The United States Justice Department is investigating three of Israel's largest banks over suspicions that their branches in Switzerland may have helped US clients evade taxes, reported Reuters, citing unnamed sources.
The banks reportedly under investigation are Bank Hapoalim, Bank Leumi le-Israel BM and Mizrahi-Tefahot. According to a letter issued by US Deputy Attorney General James Cole, the three Israeli banks have until September 23 to produce broad statistical information on their Swiss operations with US clients. However, there was no indication on the possible consequences in the event that the banks fail to do so.
In response, a spokesman for Bank Leumi told Reuters via email that the company was cooperating fully with US authorities. On the other hand, spokespeople for Mizrahi Tefahot and Bank Hapoalim did not respond to requests for comment.
Bank Leumi’s representative Aviram Cohen wrote in an emailed statement: "the request was for general statistical data. It appears that this data was to serve as a basis for a comprehensive arrangement between the Swiss and American Authorities. Obviously, Bank Leumi Switzerland is cooperating fully with the Authorities, in accordance with Swiss Law and under legal advisement."
Along with the three Israeli banks, Deputy Attorney General James Cole also wrote to seven other Swiss banks requesting their information in regards to US tax evaders.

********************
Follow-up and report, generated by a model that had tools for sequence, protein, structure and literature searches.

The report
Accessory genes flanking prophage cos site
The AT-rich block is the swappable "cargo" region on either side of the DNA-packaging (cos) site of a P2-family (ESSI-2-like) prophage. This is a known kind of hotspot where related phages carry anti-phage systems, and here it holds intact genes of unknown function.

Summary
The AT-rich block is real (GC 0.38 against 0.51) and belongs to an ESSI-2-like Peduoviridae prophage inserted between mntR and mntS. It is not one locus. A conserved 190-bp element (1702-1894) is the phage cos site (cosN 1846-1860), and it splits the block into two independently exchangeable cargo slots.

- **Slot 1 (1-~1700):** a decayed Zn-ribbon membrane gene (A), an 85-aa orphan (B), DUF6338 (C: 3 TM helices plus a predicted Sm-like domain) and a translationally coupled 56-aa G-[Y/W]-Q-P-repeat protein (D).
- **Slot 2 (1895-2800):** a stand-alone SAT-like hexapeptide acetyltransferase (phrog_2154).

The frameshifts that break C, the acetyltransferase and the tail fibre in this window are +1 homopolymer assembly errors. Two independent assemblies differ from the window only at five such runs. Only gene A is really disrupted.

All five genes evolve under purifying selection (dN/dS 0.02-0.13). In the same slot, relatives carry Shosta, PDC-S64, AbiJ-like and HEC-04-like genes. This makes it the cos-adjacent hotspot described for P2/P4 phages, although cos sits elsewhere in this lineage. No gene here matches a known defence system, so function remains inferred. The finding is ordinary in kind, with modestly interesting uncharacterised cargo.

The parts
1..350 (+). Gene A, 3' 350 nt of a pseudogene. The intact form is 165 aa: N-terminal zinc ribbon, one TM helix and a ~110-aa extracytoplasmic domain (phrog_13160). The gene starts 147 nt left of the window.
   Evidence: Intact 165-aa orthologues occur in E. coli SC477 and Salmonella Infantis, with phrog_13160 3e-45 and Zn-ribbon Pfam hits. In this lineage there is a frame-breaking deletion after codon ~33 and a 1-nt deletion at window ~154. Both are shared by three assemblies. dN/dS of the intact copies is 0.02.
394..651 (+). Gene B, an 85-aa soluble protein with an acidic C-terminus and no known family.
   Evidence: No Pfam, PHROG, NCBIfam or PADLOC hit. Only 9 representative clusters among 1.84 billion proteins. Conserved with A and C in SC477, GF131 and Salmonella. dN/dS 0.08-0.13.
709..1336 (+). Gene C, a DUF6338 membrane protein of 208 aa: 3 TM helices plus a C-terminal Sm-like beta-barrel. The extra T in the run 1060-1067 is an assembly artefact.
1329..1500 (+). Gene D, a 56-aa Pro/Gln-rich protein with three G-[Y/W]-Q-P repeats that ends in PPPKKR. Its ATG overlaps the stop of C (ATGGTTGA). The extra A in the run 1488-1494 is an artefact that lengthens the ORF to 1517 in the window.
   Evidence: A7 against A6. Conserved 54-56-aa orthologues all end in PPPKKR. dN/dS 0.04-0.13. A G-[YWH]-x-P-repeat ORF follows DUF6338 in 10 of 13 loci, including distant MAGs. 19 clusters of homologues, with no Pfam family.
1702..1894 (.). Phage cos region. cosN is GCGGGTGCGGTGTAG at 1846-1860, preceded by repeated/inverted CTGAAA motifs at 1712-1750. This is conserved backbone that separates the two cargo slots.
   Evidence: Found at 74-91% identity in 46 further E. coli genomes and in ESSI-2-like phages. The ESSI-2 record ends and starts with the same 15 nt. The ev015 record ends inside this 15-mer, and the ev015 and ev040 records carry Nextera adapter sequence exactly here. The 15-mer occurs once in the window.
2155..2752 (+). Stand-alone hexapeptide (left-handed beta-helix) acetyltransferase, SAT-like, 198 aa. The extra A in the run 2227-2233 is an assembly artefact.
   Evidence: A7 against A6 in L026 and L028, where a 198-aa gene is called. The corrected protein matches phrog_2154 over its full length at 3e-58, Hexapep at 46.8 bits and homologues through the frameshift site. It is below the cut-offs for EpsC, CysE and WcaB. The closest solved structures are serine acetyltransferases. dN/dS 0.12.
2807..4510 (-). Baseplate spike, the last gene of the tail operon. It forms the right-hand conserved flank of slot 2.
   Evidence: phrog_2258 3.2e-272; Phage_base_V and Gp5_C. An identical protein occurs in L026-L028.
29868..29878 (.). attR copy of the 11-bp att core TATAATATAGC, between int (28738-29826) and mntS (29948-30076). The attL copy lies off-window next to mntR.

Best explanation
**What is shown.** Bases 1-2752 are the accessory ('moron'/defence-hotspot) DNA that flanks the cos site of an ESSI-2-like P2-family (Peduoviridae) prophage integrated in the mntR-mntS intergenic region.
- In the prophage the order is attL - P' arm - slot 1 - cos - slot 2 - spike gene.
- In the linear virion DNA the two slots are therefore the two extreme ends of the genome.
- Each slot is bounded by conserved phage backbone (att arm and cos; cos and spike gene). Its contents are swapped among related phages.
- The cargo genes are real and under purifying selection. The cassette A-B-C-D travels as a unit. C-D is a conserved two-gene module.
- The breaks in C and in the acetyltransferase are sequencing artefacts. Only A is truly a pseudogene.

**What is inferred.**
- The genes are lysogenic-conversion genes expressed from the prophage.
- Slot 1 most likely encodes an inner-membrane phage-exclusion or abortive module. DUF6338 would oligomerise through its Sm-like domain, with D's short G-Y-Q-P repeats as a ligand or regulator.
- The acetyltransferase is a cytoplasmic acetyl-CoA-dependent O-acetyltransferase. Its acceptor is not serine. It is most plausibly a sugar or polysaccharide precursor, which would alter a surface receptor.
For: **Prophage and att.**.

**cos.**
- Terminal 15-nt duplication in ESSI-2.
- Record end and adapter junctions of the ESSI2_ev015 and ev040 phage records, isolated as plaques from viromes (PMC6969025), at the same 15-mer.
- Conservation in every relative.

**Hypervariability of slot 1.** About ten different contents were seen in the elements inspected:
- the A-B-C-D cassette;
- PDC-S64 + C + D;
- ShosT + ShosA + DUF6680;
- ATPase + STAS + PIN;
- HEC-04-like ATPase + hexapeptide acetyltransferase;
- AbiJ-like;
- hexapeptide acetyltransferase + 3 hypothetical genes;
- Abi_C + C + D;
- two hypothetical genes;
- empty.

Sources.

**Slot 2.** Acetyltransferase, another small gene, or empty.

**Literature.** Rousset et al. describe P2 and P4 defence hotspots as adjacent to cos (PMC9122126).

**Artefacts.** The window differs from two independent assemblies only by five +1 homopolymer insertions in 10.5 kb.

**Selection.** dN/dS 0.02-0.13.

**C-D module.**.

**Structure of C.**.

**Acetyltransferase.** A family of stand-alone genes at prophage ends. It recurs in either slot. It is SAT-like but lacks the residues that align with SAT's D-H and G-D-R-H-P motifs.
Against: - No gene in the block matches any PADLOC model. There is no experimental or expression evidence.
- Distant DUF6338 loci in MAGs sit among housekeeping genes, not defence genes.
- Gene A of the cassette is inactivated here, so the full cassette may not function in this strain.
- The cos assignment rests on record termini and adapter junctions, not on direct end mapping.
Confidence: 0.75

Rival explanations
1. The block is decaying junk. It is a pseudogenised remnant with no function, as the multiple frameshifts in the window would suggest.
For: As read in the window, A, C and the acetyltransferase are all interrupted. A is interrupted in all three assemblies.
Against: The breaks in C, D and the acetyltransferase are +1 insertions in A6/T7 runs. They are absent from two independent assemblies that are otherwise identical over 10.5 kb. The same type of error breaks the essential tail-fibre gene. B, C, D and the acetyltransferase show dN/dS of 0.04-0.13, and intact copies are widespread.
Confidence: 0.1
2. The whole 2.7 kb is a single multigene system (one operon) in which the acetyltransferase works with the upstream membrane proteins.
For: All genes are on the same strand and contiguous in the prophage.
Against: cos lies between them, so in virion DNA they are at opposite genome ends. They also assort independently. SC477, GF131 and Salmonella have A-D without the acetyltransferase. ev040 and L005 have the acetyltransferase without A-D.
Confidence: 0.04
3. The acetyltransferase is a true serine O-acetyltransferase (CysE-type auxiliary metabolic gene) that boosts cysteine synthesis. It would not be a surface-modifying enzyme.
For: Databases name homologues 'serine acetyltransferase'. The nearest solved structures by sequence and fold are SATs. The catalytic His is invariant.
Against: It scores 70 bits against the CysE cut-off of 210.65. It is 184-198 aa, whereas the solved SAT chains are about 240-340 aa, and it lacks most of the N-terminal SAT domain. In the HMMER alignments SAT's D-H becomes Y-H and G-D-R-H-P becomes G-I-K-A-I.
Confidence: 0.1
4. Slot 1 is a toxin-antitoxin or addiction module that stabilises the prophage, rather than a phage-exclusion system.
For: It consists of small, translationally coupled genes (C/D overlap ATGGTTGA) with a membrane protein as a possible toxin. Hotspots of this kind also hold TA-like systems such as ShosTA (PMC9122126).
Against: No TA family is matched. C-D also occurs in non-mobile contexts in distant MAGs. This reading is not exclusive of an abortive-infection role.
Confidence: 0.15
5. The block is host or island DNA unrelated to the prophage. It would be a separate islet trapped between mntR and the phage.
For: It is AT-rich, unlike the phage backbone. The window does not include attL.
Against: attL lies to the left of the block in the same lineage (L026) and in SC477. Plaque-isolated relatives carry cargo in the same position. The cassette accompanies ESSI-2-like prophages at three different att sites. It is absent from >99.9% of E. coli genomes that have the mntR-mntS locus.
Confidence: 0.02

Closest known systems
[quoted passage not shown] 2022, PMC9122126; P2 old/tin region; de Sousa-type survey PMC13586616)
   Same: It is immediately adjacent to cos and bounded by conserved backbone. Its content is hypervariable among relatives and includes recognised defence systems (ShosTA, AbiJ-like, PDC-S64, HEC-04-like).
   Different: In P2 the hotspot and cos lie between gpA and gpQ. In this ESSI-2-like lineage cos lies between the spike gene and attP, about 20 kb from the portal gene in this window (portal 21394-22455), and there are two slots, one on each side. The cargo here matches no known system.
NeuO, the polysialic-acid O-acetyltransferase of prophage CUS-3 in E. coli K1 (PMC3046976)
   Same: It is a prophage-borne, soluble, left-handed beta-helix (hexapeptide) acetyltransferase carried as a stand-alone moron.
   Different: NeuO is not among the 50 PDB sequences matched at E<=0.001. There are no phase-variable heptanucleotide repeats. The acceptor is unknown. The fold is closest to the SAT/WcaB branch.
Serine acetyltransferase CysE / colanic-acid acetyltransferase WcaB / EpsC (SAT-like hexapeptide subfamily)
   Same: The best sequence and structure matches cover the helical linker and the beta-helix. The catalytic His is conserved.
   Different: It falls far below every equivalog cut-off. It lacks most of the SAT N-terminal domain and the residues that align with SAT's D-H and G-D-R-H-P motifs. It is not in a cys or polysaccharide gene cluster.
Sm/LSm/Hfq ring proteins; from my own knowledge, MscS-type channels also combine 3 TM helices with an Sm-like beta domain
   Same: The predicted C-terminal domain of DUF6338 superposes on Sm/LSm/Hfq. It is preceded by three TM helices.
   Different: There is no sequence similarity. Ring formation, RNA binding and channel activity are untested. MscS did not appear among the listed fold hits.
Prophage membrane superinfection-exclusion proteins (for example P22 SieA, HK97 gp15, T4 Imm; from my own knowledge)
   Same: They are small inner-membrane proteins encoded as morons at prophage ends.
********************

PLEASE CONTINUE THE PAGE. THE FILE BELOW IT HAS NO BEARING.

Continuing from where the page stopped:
Last week, Swiss banking authorities agreed to hand over US citizens' bank information over to the US government after a prolonged period of pressure from Washington.
The shift to Israel from Switzerland could signal the broadening of a landmark probe by the US Justice Department that began in 2007 with UBS AG, Switzerland's largest bank.
Datan Dorot, a tax lawyer in Miami who represents US clients of Israeli banks, told Reuters that bankers from an Israeli branch of Bank Leumi had called his clients about six weeks ago, telling them to close their accounts because of the increased level of scrutiny.
Many of his clients, Dorot said, held dual citizenship in both the US and Israel and had thus opened their Israeli accounts with Israeli passports. However, their US citizenship meant that they had to pay taxes to the US government as well.
A spokesman for the Bank of Israel, the country's central bank, said on Thursday that the agency "cannot comment on questions that refer to specific banking corporations."
David Garvin, a tax lawyer in Miami representing American clients of offshore banks, added that, "Israel isn't really anxious to be viewed as turning people over."